A Changing Economy

A once relatively well-off state by most economic measures, Michigan suffered disproportionately under the weight of the Great Recession. Its reliance on the auto industry and the cyclical nature of its economy made it particularly susceptible to the effects of the nationwide economic downturn. 

The Great Recession, prompted by the collapse of the U.S. housing market, shook financial markets and family pocket books.  The far reaching effects very nearly bankrupted U.S. automakers but the federal government stepped in with a bailout that prevented the collapse. Amidst the loss of nearly one million automotive industry related jobs, Michigan experienced the highest unemployment rate in the nation during the recession, peaking at 15.3%. This further exacerbated the state’s housing crisis and weakened the labor market. Even before the Great Recession, Michigan’s economy was in downturn, impacting state revenues and in turn state funded programs.  The I-75 manufacturing corridor from Saginaw to Detroit was one of the hardest hit regions in the nation losing hundreds of thousands of jobs and millions of dollars of property values.

One of the largest impacts of state budget decisions has been felt by Michigan’s communities.  Declining state revenues led to declining payments to communities in the form of revenue sharing.  Since 2002, $7.5 billion dollars in such payments has been diverted away from communities to pay for other state programs. As a matter of fact, between 2002 and 2012, Michigan is one of only four states whose municipalities saw declining revenues from state sources.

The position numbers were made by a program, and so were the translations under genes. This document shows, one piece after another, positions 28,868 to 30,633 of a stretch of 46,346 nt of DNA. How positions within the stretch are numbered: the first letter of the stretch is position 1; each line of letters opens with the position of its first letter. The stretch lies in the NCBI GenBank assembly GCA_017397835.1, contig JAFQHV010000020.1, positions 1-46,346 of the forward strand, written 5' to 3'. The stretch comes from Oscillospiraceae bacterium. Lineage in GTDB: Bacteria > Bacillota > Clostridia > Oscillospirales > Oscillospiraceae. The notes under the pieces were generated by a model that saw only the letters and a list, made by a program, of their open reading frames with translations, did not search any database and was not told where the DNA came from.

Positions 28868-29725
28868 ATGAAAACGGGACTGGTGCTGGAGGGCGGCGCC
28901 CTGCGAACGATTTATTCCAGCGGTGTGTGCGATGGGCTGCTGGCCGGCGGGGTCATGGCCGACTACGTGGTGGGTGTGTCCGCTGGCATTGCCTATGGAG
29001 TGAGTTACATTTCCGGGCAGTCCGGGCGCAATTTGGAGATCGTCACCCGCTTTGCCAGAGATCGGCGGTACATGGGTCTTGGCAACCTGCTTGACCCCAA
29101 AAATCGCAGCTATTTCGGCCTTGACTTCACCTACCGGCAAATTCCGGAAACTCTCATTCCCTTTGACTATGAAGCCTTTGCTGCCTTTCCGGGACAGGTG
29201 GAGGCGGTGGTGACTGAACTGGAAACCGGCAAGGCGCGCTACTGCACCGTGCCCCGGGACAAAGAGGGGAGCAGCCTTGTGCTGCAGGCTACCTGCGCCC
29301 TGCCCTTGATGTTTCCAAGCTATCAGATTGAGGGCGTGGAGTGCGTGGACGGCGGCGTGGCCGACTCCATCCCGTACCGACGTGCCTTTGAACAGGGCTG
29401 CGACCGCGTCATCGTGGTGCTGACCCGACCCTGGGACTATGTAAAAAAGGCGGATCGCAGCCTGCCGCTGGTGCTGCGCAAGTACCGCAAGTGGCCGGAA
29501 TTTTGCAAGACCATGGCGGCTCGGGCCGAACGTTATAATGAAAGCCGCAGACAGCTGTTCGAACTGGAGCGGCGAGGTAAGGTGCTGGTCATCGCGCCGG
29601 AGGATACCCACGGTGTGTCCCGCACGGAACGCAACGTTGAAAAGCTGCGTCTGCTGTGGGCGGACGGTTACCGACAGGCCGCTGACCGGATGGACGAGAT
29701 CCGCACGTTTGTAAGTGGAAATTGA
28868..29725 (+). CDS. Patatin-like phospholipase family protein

Along with declining revenues from the state, communities have also seen declining revenue from local sources such as property taxes. Brought on largely by the decline in property value due to the Great Recession, the decline in property taxes is compounded by some of the most restrictive tax limitations in the country. Statutory and constitutional mechanisms such as Proposal A and the Headlee Amendment limit the ability of local governments to recover lost taxable value.  Other restrictions limit local revenue options generally.

Amid declining revenues and continued population loss, Michigan communities have struggled to maintain even essential services.  Several were assigned emergency managers by the state and Michigan’s largest city, Detroit, declared bankruptcy

While population loss has nearly stabilized and the unemployment rate has declined significantly, matching the national average, the problems that resulted from or were worsened by the economic downturn remain significant.

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